The plaintiffs’ attorneys on June 6 further filed a response to Innoved Institute’s dismissal motion. Innoved is accused of purchasing “certain tissue” from Hess over the years; the company contends the evidence is insufficient to support plaintiffs’ claims and, further, the bulk of plaintiffs lack standing to bring a claim.

Innoved made only “sporadic” purchases from Hess and did not have a contract with her; had no interaction with any of the plaintiffs and there is no evidence that it knew what Hess was allegedly doing, its dismissal motion asserts.

The June 6 response says sufficient facts support the “plausible inference” that Innoved knew it was purchasing unlawfully obtained bodies and body parts. The company cannot claim to be protected by the Revised Uniform Anatomical Gift Act, as that act applies only to anatomical gifts and “here, the bodies were not donated. Innoved had a duty to conduct its body broker business according to professional standards, legal mandates and common sense,” plaintiffs’ attorneys wrote.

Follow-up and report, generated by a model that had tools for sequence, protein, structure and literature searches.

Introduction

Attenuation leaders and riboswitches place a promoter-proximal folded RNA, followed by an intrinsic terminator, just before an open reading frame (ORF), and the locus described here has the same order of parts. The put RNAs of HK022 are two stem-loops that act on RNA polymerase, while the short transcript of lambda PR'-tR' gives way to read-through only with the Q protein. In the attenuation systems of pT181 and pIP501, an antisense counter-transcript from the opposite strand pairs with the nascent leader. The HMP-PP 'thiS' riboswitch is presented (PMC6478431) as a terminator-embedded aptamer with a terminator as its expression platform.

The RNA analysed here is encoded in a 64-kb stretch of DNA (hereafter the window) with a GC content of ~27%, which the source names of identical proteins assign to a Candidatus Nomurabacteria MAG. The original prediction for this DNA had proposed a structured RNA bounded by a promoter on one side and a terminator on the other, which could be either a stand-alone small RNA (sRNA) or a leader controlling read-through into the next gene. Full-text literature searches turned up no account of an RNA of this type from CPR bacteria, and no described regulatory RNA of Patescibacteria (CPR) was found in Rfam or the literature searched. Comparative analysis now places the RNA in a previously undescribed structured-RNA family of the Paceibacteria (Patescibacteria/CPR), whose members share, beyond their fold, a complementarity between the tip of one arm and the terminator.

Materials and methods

Innoved in its dismissal motion also failed to meet applicable legal standards for challenging plaintiffs’ standing to bring suit, and all plaintiffs have alleged injuries against the company, Burg Simpson attorneys also wrote.

“As a result of the ongoing conspiracy that Innoved aided and abetted and participated in, the bodies and body parts of plaintiffs’ loved ones were sold for profit without their knowledge or consent,” the response states, calling for the court to reject Innoved’s dismissal motion.

The Espinoza et. al suit is one of four civil actions to be filed against Hess since the FBI served search warrants at Sunset Mesa and its associated business, Donor Services Inc., early last year.

The FBI has not publicly said what the nature of its investigation is, no charges have been filed, and Hess has denied wrongdoing. People who used Sunset Mesa to handle loved ones’ remains have since shared communication from the FBI indicating bodies or body parts were harvested and sold.